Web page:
At this time of year, many hens begin to look rather crusty and bald. Most likely it’s because they are molting. Once chickens reach 1.5 years old, they annually replace their feathers. This molting process lasts an average of 2 months and typically begins once the days shorten in late summer/early fall. That way, the hens will stay warm over the winter, as their new feathers retain body heat better.
Because feathers consist of nearly 85% protein (and thereby take a lot of energy to create), hens usually stop laying eggs when molting. They will also be less interested in being held because the sprouting feathers are quite stiff and can bend in awkward positions and cause pain. These are called pin feathers.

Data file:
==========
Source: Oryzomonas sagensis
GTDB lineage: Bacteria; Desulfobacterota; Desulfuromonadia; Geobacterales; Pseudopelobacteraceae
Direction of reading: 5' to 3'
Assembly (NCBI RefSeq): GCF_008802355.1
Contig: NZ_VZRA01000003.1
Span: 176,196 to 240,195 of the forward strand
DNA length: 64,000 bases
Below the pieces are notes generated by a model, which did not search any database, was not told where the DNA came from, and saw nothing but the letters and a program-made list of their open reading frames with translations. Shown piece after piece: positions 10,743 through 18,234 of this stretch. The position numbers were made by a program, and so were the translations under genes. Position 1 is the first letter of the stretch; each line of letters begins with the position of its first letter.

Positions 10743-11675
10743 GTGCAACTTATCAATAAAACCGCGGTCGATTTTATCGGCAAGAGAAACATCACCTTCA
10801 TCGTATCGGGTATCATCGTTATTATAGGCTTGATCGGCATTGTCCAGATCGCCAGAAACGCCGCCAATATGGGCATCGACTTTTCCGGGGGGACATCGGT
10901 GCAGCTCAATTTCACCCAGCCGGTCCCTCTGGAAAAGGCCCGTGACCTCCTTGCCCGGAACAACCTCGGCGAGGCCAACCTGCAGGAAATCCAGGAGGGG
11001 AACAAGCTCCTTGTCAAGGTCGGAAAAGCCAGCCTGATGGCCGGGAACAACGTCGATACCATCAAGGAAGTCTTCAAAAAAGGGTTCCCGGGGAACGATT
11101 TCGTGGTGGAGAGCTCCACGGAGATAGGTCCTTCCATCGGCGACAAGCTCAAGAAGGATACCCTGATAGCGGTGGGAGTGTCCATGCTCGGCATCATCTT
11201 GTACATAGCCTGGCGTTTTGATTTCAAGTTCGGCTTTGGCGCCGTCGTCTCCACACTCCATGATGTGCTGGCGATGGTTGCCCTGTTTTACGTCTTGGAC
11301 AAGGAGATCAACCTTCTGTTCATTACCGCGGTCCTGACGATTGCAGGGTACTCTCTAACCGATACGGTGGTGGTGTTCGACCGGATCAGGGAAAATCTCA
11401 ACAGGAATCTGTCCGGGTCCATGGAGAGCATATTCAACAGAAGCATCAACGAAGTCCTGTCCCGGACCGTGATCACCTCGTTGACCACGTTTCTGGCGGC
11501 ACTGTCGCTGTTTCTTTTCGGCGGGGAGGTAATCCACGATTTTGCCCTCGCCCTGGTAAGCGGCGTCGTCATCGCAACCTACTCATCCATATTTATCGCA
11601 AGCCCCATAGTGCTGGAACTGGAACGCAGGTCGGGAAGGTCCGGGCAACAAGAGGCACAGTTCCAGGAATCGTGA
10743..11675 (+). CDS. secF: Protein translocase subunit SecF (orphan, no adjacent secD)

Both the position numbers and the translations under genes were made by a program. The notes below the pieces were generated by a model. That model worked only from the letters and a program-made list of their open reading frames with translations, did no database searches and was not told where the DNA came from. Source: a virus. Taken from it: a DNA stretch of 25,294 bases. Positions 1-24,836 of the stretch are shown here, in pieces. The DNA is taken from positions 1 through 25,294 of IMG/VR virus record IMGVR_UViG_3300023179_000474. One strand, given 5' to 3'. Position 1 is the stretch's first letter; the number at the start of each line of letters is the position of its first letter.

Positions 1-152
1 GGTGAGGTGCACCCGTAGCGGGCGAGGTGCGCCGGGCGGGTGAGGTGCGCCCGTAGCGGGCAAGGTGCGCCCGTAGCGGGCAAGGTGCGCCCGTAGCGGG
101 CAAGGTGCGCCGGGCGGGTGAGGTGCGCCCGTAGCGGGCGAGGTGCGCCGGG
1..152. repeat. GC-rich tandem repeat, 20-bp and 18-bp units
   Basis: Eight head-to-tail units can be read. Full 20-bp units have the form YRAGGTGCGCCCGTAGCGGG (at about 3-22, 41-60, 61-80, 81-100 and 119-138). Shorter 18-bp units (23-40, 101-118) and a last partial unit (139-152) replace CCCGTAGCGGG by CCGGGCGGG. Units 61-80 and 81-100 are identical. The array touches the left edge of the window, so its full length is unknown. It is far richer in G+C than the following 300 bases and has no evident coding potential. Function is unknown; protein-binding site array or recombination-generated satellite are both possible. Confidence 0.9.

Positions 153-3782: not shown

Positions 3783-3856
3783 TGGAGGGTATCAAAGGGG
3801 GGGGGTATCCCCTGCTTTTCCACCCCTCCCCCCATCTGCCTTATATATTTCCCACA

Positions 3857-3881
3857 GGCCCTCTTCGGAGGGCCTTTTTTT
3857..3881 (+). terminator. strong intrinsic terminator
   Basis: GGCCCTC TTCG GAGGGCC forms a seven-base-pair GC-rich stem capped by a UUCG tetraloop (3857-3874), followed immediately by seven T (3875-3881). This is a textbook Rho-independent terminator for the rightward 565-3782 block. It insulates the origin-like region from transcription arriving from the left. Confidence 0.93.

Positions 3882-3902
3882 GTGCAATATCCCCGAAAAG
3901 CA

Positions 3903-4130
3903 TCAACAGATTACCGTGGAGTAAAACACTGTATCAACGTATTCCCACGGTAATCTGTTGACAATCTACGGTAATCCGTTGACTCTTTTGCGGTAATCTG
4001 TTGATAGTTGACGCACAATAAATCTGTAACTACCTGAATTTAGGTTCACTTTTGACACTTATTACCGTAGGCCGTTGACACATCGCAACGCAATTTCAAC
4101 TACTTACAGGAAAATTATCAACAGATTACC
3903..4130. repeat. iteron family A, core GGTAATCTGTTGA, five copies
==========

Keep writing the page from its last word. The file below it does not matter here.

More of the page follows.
Though molting is a natural and necessary process, one can help birds get through it more easily by increasing their protein intake. Good examples of additional foods include worms, snails, cheese, cooked eggs, meat, and powdered milk. And once the girls have replenished their feathers, they look fluffy, shiny and beautiful again.